It was not until 189 BC that the rebel tribes had been pacified sufficiently to allow work on the Via Aemilia to begin.

The time-tested Roman method of expansion was to build a brand new road straight through the newly conquered territory, and then establish a string of colonies, either of civilian settlers or of military veterans along its route. The settlers would be allocated fertile plots from lands confiscated from the defeated native peoples. This was the precise function of the Via Aemilia: its period of construction also saw the foundation of Roman colonies along its whole length at Bononia (Bologna) (founded 189 BC), Mutina (Modena), Regium (Reggio Emilia), and Parma (all founded in 183 BC).

The Via Emilia as it crosses central Bologna. This modern street, known in this stretch as the Via Rizzoli, overlies the old Roman road, which bisected the Roman colony of Bononia.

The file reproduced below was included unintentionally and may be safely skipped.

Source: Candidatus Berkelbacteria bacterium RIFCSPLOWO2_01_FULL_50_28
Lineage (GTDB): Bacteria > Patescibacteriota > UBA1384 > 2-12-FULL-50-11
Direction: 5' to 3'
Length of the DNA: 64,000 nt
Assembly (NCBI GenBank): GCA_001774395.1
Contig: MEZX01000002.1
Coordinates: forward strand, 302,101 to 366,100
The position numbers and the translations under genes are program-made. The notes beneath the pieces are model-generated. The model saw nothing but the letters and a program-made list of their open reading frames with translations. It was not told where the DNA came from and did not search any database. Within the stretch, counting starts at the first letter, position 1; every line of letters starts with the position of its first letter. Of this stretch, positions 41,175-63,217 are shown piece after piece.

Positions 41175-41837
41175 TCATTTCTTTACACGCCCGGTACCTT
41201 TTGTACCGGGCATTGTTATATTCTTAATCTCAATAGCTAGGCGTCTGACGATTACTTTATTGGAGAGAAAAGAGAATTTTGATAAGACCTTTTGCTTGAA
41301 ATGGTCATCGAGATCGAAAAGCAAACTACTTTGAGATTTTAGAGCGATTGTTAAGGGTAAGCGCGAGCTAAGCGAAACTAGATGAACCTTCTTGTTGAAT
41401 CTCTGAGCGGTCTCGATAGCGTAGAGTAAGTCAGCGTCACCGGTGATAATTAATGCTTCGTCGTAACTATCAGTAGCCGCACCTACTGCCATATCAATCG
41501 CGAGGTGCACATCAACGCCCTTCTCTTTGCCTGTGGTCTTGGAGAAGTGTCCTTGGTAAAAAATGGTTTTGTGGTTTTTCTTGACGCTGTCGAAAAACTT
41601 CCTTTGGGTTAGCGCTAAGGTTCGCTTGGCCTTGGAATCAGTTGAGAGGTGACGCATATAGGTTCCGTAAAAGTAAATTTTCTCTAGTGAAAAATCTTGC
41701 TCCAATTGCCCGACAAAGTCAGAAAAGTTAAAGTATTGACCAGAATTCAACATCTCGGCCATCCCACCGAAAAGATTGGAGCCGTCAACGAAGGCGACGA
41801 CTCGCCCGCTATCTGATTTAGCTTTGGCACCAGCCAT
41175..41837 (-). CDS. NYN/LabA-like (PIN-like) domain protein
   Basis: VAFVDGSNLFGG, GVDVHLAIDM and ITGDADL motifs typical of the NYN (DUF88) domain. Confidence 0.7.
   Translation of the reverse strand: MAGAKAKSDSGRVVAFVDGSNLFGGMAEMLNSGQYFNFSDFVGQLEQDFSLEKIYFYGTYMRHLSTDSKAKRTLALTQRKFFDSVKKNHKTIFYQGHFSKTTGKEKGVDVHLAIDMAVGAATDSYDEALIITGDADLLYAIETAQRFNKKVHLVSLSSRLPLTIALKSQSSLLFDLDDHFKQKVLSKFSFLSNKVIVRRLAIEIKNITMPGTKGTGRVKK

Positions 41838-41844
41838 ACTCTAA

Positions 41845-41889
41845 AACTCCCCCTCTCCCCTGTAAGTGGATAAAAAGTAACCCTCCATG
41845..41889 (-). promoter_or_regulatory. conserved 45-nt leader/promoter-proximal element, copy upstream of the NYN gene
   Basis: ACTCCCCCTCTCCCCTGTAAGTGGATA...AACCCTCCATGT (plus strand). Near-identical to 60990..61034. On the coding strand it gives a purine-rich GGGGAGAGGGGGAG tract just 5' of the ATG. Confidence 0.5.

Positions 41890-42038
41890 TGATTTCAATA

Roman bridge over the River Marecchia just outside Ariminum (Rimini), the starting point of the Via Aemilia. Today known as the Ponte Tiberio, it was built in 14 AD under Roman emperor Tiberius as part of a major upgrading of the whole Via Aemilia started under his predecessor Augustus.

The Via Aemilia was completed by, and named after, the Roman consul Marcus Aemilius Lepidus in 187 BC.[3] It was built, on elevated embankments, in part, on top of an older road system that linked the Adriatic to the Tyrrhenian Sea. The consular road ran, largely in a straight line, 176 Roman miles (260 km) NW from Rimini to its termination at Piacenza, connected pre-existing towns, such as Piacenza, Bologna and Rimini.[4]